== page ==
The cast of characters in Penelope Fitzgerald’s Offshore is not a large one. Published in 1979, this short novel charts the fluctuating fortunes of five houseboat owners on the Battersea Reach stretch of the Thames during the early 1960s. We chose it as the first book for the newly formed London Society book group. Sadly, the turnout at the first meeting was just three people.
Were the non-attendees marooned in the office or at home last night? Did they get caught up in the unpredictable post-work current on Tottenham Court Road and end up drifting downstream from the Jack Horner pub?
Hoping that there might be a few latecomers, we left the noisy bar at the Jack Horner and took our discussion about Offshore onto the pavement. The weather was bracing for a late spring evening in London’s West End. Perhaps that was appropriate, given that Fitzgerald’s characters and their fragile vessels are so battered by the elements at the end of the book.
I am a bibliophile. I’ve worked in book publishing, in bookshops and in a library. My parents met in a library in the 1950s. Despite my best efforts at recycling and fiscal restraint my collection of books continues to grow.
Yet until last night I had never attended a book club meeting. I discuss books with my friends, one of whom is a successful novelist and screenwriter, but I’ve always shied away from talking about novels in a formal or semi-formal setting. Now I’m not sure whether last night’s truncated meeting counts as a proper book club session or a dry run. We spent as much time discussing riverboats and the (Man) Booker Prize of 1979 as we did dissecting Fitzgerald’s prose.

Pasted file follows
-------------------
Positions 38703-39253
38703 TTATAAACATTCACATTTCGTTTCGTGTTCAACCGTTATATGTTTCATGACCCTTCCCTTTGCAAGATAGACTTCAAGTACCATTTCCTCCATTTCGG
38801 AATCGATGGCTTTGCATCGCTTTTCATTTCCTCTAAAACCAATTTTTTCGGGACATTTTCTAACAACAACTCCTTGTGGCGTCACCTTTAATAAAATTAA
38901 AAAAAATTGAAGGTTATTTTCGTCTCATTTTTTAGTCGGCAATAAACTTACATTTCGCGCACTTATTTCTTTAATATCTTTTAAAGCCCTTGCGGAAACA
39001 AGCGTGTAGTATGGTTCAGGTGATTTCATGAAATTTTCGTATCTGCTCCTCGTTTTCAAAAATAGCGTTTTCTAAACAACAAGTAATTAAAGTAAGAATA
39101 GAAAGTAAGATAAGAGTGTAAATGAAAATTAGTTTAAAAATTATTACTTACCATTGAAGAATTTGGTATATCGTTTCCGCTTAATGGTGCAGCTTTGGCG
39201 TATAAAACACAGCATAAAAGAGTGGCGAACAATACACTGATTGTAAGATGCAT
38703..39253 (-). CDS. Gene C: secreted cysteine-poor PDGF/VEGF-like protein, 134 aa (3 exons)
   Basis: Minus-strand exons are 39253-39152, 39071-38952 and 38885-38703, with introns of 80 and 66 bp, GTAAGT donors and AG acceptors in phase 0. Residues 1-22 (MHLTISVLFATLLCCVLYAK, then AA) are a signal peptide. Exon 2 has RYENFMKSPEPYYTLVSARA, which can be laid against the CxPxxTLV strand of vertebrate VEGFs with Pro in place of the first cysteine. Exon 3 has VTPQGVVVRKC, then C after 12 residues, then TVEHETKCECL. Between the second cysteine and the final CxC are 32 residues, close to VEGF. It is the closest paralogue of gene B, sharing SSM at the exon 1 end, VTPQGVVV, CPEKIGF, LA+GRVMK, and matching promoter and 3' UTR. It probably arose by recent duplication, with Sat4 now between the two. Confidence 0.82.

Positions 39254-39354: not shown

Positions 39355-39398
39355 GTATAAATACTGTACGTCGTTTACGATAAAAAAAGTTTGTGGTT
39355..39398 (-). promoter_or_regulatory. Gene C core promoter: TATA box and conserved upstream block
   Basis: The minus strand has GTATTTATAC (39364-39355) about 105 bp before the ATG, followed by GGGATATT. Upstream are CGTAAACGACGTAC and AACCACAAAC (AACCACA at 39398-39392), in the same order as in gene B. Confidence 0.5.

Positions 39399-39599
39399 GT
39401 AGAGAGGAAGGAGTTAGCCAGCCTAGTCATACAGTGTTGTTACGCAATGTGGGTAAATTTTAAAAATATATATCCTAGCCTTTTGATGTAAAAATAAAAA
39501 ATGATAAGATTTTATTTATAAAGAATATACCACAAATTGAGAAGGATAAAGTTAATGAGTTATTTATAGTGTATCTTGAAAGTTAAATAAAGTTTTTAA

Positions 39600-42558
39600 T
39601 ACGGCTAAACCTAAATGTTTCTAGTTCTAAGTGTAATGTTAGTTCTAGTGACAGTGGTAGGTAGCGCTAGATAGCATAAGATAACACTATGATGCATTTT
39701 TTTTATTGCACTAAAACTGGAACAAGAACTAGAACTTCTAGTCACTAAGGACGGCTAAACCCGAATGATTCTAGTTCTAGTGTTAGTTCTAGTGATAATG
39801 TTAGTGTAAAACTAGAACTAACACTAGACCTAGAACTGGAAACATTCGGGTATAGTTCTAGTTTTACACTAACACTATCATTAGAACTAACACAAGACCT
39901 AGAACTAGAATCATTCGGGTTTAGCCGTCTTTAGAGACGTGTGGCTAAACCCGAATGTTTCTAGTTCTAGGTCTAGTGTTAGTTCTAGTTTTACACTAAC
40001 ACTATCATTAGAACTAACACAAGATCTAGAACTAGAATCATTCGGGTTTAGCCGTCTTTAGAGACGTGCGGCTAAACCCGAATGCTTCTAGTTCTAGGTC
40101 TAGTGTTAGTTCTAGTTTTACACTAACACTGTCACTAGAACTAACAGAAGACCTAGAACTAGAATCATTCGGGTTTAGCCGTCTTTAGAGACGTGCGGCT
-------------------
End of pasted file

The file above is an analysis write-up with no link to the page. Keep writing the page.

Perhaps I am being too prescriptive. A book club is whatever its members want it to be. I’ve heard that some clubs get together primarily to quaff wine and enjoy a good gossip. There’s nothing wrong with that.
But the London Society’s aim of encouraging as many people as possible to read and discuss all sorts of books about London was and is a great idea. The plan is to continue the exchange of ideas on Facebook.
The London Metropolitan Archives (LMA) already has a well-established book group, which has covered Dickens, Samuel Pepys, Conan Doyle and Daniel Defoe as well as contemporary writers like Neil Gaiman and Monica Ali. Our inaugural London Society book group clashed with last night’s LMA discussion of Jessie Burton’s The Muse, which may have affected our attendance figures.
As the wind whipped down Tottenham Court Road last night, two of us sought refuge in the nearest coffee shop. It was a case of any port in a storm, but our choice proved to be an inspired one. The basement of Waterstones at 19–21 Tottenham Court Road houses a spacious coffee shop that also offers a 2 for 1 cocktail deal from 6–8pm.
We were slow on the uptake about the cocktails, but the students at a nearby table seemed to be fortifying themselves for their studies in Mandarin with a Margarita or two. Thanks to Imogen, our very friendly waitress/barista/coffee shop manager, we did enjoy a couple of free Chelsea buns, which would otherwise have gone to waste at that time of the evening . . .
Imogen also told us that this branch of Waterstones has a busy events programme, including the Over-Analysers’ Book Club, which will be sinking its fangs into Bram Stoker’s Dracula this evening.
A bibliophile-friendly venue could help to get the London Society book group back on track during the next few weeks. You don’t have to be a member of the society to attend the meetings.
In the mean time, I’ll work on some suggestions for our next read and try not to over-analyse where we went wrong last night.